Market Insight

[Display Dynamics] Qualcomm and BOE announced collaboration on 3D Sonic FoD solution

April 28, 2020

Calvin Hsieh Calvin Hsieh Director, Touch and User Interface

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Key findings

  • Owing to the US-China trade war, Chinese smartphone brands are still concerned about Qualcomm’s 3D Sonic solution for further adoptions. On the other hand, when Chinese smartphone brands adopt BOE’s AMOLED displays, the solution may benefit from their adoptions through the collaboration.
  • As most panel makers’ smartphone display shipments focus on the “display module assembly” business, which include many related parts such as touch and cover lens, adding Qualcomm’s 3D Sonic fingerprint-on-display (FoD) solution can increase the average selling prices (ASPs) of BOE’s AMOLED displays.

Qualcomm and BOE announced their collaboration on April 14, 2020, which will combine Qualcomm’s 3D Sonic solution, a thin-film-transistor (TFT)-based ultrasonic technology, and BOE’s flexible AMOLED displays to increase add-on values for the displays. Qualcomm will provide its FoD sensors through the collaboration, and BOE will offer integrated display assembly with Qualcomm’s 3D Sonic fingerprint sensors to its customers.

In addition to the smartphone application, both companies expect the synergy of combination can be extended to new fields, such as wearable computing, medical equipment, XR (extending reality beyond augmented reality [AR] or virtual reality [VR]), Internet of Things’ (IoT) applications, and so on. BOE has recently extended its business coverage as a system integrator role, which expands beyond the display manufacturer role, to some emerging commercial applications. The products delivered from BOE can have the flexible displays’ advantages, such as the comfortability of foldable form factor, and advanced biometric recognition.

Qualcomm’s 3D Sonic FoD solution

Qualcomm’s 3D Sonic solution uses the ultrasonic principle. Compared with TDK’s microelectromechanical sensors (MEMS)-based ultrasonic solution, which is based on the silicon wafer process and previously by InvenSense, Qualcomm’s solution has low-temperature polycrystalline silicon (LTPS)-TFT circuits to drive the sensor material, which is made of a specific piezoelectric material. Qualcomm’s 3D Sonic sensor can be bigger with the cost-effective TFT-based sensor manufacturing process. The latest sensor sizes produced are 4x9mm and 8x8mm. A much bigger option of 20x30mm, known as 3D Sonic Max, were demonstrated in December 2019.

The sensor’s major components include Century’s LTPS-TFT backplane, electrodes, and the copolymer coating by GIS or OFILM, which is the piezoelectric material to generate and receive ultrasonic waves as transmitter (Tx) and receiver (Rx) functions. The module thickness depends on the glass substrate with TFT circuits; adopting a bigger LTPS-TFT backplane can enlarge the sensor area. However, a larger sensor area may result in issues of yield rate and sensor capacity. Qualcomm hosts the supply chain and provides the ASIC (QBT2000), which drives the sensor circuits and critical for fingerprint imaging and recognition.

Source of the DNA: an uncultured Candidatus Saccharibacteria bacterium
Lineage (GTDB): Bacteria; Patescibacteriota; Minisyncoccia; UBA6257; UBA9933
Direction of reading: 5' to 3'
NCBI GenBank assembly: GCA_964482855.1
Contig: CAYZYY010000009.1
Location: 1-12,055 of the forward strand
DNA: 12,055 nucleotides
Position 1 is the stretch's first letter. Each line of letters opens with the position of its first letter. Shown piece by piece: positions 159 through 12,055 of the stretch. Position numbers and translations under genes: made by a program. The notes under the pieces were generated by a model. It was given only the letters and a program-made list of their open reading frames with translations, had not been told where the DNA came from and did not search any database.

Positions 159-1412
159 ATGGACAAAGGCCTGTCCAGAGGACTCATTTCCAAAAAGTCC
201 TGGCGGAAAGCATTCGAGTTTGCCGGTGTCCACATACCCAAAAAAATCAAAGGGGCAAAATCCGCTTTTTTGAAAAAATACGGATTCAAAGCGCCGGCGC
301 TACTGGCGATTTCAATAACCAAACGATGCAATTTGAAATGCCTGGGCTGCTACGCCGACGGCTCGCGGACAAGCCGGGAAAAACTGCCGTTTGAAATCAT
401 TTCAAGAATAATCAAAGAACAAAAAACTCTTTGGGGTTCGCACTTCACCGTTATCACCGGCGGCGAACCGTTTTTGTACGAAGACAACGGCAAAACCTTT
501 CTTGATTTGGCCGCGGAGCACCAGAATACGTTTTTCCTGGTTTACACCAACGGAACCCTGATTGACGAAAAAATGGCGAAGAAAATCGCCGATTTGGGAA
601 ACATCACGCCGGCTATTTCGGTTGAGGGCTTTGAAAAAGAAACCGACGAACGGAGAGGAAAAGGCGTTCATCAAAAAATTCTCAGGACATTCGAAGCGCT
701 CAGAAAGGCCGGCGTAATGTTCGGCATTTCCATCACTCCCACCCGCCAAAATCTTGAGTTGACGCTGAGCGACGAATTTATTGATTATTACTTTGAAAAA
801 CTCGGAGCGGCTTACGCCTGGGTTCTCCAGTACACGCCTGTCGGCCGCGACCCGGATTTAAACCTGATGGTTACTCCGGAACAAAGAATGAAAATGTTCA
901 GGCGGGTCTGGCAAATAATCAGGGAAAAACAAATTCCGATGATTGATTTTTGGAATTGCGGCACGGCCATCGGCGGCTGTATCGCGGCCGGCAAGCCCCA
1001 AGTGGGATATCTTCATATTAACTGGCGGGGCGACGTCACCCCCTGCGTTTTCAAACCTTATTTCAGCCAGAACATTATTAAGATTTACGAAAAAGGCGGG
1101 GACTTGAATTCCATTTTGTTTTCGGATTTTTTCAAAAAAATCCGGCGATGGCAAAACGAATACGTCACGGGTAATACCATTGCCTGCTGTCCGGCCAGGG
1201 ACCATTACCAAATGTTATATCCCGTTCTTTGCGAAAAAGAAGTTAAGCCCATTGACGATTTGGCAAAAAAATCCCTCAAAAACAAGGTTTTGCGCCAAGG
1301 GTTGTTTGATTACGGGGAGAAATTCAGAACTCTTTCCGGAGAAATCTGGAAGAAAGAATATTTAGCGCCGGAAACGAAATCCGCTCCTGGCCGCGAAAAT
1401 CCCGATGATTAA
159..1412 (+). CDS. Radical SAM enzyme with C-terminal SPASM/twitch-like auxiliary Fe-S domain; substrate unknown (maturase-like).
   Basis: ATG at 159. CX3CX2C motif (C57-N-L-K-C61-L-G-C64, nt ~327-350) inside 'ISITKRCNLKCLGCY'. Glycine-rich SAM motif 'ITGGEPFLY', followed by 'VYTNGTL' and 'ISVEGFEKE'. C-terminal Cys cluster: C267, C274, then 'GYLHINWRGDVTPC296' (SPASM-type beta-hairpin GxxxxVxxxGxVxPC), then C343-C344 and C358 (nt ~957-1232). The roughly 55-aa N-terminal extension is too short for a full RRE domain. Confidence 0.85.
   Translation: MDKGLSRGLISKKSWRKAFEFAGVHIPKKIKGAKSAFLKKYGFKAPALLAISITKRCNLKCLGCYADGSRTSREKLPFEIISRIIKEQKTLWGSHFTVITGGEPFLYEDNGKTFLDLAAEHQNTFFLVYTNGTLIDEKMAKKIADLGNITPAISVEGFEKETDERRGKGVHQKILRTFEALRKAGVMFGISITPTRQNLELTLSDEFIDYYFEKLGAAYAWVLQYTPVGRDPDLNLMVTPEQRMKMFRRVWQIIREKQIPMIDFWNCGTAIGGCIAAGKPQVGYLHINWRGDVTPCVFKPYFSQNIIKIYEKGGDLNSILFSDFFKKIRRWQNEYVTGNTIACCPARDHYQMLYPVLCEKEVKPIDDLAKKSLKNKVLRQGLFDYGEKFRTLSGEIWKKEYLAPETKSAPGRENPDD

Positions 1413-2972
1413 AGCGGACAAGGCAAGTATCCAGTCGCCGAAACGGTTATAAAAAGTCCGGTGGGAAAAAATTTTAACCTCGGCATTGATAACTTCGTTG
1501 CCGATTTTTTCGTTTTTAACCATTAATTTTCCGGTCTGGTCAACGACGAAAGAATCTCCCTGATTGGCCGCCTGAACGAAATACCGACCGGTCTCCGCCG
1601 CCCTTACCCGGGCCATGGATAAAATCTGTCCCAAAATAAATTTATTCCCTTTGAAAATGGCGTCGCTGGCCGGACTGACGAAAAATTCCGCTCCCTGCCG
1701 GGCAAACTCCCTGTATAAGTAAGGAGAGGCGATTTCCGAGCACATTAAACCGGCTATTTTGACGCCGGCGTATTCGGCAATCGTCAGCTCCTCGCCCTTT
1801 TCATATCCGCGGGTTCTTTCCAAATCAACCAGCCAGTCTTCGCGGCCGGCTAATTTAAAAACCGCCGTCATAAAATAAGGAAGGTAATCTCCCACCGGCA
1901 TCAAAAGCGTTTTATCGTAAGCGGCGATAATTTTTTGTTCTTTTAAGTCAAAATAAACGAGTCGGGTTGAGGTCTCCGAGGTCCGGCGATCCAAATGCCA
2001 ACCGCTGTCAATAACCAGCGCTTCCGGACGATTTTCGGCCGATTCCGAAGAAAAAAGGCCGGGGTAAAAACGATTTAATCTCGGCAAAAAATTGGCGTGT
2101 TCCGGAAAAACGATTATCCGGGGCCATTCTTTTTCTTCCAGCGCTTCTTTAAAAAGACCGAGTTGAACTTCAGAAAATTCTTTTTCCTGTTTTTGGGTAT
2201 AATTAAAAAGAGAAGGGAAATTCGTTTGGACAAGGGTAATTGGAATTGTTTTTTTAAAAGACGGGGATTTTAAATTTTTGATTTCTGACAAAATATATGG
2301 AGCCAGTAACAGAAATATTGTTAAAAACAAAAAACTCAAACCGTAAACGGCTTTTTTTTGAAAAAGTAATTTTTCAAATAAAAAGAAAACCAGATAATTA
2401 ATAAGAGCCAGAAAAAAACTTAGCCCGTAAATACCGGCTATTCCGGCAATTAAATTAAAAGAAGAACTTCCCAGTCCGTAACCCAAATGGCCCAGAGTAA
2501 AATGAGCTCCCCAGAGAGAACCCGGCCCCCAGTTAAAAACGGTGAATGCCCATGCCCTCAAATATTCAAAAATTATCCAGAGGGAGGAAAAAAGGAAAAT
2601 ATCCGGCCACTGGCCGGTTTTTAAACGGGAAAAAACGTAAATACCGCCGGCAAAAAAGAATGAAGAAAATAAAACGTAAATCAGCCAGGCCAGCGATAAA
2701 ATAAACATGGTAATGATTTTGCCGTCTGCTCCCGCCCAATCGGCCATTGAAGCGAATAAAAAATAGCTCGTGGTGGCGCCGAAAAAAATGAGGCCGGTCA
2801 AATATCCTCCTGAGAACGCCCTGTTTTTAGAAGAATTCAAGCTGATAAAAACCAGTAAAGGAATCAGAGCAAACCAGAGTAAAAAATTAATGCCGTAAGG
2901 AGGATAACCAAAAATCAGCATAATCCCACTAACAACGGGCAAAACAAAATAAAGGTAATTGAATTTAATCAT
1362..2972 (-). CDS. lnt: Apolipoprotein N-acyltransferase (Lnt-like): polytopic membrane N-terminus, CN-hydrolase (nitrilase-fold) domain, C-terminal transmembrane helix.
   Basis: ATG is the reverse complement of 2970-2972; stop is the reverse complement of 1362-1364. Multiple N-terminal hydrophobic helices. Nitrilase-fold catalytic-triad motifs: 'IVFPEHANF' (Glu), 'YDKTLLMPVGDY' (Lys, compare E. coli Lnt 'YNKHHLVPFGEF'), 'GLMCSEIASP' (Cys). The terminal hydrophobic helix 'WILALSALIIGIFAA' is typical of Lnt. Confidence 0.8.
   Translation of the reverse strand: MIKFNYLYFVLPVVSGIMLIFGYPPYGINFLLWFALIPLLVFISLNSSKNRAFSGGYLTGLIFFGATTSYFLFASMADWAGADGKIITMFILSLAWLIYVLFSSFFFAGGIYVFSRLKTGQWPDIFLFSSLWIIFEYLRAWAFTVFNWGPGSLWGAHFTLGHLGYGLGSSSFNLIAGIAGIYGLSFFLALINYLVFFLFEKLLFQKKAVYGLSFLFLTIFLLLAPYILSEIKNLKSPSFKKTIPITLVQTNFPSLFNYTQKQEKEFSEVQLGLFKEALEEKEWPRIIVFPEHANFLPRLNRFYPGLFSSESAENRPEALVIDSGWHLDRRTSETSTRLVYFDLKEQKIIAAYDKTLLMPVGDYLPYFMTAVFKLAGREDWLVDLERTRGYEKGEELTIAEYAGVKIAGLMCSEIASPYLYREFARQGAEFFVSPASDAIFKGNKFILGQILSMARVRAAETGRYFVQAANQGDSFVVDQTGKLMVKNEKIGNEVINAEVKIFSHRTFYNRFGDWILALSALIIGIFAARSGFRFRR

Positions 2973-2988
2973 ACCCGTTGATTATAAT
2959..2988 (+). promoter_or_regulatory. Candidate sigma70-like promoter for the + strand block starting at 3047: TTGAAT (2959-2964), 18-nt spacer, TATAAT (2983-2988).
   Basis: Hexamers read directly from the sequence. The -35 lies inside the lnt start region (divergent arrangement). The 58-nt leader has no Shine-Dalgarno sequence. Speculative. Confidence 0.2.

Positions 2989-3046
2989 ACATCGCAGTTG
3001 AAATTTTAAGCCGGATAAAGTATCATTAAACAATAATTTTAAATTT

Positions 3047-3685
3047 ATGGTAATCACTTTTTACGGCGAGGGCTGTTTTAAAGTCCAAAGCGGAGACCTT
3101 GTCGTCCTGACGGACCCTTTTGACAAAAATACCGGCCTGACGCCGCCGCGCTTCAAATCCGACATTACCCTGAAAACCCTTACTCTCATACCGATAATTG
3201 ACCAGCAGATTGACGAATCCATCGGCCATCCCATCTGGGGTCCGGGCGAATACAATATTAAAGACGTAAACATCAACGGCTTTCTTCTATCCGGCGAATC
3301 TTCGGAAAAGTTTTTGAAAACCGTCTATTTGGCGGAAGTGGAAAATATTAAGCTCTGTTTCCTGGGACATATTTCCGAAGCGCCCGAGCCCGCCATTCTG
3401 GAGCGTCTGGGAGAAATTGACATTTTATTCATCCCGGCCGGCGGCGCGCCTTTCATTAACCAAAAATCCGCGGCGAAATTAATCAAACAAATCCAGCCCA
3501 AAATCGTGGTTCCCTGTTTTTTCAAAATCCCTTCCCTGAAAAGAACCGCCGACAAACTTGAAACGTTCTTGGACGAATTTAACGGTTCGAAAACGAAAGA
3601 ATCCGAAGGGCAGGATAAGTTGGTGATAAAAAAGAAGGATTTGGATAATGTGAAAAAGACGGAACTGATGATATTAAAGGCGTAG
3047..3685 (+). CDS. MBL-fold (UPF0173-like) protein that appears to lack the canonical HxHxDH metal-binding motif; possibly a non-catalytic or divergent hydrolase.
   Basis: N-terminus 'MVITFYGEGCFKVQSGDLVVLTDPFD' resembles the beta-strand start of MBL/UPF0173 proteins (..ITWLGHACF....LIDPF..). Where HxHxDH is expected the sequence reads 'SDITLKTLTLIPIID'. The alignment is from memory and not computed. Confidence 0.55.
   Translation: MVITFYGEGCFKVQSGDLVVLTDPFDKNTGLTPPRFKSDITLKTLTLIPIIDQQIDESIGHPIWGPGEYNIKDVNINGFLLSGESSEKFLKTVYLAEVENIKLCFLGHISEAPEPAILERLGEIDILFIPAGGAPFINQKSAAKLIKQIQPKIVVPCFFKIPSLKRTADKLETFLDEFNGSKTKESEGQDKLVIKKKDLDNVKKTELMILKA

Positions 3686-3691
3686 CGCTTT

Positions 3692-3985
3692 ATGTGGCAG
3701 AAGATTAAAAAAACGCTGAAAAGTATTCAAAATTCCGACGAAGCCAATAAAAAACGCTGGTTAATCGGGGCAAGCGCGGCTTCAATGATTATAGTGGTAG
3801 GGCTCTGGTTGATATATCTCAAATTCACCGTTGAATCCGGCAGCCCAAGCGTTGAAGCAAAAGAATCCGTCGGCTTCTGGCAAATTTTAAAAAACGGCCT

The 3D Sonic solution is only feasible on flexible AMOLED displays. Any air gap or layer in the transmission path blocks the ultrasonic waves. Rigid AMOLED displays, such as glass-based substrate and encapsulation, usually have the nitrogen gas filled to remove the oxygen, which damages OLED materials. On the other hand, flexible AMOLED displays have condensed thin film encapsulation (TFE), and it can work as the transmission medium for ultrasonic waves, including Tx and Rx. Samsung Display’s flexible AMOLED displays have been using Qualcomm’s 3D Sonic solution for Samsung Galaxy S10, S20, and Note 10 series. BOE is one of the major flexible AMOLED panel makers, next to Samsung Display. Therefore, Qualcomm considered BOE as an option for collaboration.

FoD market grew remarkably to 228 million units in 2019, compared with 29.5 million units in 2018; Omdia estimates that it can be more than 400 million units in 2020. Despite the notable FoD market demand, Qualcomm’s 3D Sonic sensors did not have the same growth because it is limited to a single customer, which is Samsung, along with its few smartphone models, such as the Galaxy flagship series. The shipments were not more than 50 million units. Chinese smartphone brands should be Qualcomm’s priority after Samsung. However, the 3D Sonic solution did not have any design-in projects in China last year. In addition to the US-China trade war, its higher module ASP, which was $12 in the first quarter of 2019, concerns these brands.